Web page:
And there was the fall from grace for Boris Becker who was sent to gaol by a London court for hiding assets after being declared bankrupt in 2017 owing £50 million to creditors. Tragic!

In Madrid, during the week of his 19th birthday Carlos Alcaraz beat Rafa Nadal and Novak Djokovic in back-to-back three-set matches and became the first to beat both on clay at the same event. Alcaraz, who jumped to No.6, overwhelmed Alexander Zverev 63 61 in the final which ended with two double faults. Zverev was not happy with the mat scheduling having gone to bed at 5:20am after beating Stefanos Tsitsipas. The women’s title in Madrid went to Ons Jabeur over Jessica Pegula. It was Jabeur’s first title at a 1000.

In Rome at the Internazionali BNL d'Italia, Novak Djokovic won his first title of 2022 defeating Stefanos Tsitsipas 60 76. It was his sixth title at the Foro Italico, is 18th on clay, 38 Masters 1000, 87th career title, and 1001st match win. His 1000th was in the semis against Casper Ruud. He is the fifth man in the open era to achieve the 1000 milestone are after Jimmy Connors, Roger Federer, Ivan Lendl and Rafa Nadal. The women’s title went to Iga Swiatek over Jabeur 62 62. It was Iga’s fifth title of 2022.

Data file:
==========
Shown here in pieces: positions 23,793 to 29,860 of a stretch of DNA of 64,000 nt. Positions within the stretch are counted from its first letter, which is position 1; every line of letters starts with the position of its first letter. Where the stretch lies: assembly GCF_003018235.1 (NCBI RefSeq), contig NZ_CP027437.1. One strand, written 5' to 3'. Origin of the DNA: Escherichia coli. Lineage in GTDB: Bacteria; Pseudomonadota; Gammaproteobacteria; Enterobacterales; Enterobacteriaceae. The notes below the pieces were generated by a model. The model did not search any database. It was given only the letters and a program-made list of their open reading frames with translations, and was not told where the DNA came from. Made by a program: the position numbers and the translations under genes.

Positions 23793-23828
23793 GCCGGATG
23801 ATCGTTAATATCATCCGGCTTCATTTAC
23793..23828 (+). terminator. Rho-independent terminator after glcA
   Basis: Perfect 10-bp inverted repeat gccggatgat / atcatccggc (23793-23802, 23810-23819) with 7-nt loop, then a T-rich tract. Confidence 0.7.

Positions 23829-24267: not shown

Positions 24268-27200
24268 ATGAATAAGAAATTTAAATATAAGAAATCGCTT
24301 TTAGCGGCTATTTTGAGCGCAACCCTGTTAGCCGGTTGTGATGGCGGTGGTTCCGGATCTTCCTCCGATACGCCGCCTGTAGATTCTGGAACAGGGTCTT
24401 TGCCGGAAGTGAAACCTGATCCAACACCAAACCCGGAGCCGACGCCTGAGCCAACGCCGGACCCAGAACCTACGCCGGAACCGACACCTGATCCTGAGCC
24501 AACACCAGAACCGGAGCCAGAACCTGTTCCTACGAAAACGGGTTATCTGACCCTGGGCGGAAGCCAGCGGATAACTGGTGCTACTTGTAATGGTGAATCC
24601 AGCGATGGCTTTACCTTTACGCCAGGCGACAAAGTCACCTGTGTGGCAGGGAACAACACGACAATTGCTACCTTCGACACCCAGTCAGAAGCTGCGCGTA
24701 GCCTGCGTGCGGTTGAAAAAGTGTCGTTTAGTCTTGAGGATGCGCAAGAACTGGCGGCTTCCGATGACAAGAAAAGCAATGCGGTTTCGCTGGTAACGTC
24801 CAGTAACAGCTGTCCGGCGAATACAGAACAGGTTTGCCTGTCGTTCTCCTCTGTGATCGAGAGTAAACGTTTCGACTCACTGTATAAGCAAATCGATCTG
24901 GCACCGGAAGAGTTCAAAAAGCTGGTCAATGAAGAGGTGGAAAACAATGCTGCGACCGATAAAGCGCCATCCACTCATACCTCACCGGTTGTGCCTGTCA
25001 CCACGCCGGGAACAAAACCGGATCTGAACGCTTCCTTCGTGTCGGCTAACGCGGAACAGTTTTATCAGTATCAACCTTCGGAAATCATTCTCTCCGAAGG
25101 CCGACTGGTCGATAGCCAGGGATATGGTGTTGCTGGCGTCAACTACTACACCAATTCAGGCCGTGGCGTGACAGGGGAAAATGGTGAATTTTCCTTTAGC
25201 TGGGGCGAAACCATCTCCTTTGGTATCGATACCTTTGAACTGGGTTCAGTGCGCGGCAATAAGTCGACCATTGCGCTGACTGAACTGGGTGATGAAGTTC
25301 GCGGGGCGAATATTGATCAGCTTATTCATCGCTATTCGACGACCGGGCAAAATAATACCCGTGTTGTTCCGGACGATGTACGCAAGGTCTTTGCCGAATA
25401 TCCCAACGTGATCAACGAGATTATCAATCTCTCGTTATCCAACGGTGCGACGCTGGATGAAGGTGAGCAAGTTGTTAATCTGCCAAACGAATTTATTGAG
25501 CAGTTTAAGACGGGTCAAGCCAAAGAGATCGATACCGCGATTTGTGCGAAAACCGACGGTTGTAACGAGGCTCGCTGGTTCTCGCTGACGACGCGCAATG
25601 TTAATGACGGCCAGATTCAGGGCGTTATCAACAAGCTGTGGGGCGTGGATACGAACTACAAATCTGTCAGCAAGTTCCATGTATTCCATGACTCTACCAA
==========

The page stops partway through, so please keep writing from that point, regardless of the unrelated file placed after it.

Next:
Rafa Nadal clocked in his 14th French Open title and record extending 22nd major defeating Casper Ruud in a one-sided match 63 63 60. It was Ruud’s first major final. Nadal won the semi over Alexander Zverev – it was a tight match till Zverev retired when he rolled his ankle and at 76 66. Ruud beat Marin Cilic in four sets. Rafa had accounted for Novak Djokovic in four sets in the quarters.


The women’s final was also convincing as Iga Swiatek continued her winning streak and won her second Roland Garros 61 63 over Coco Gauff who was in her first major final. Swiatek had beaten Daria Kasatkina in the semis while Gauff overcame Martina Trevisan.

It was a pretty good French Open with crazy late nights.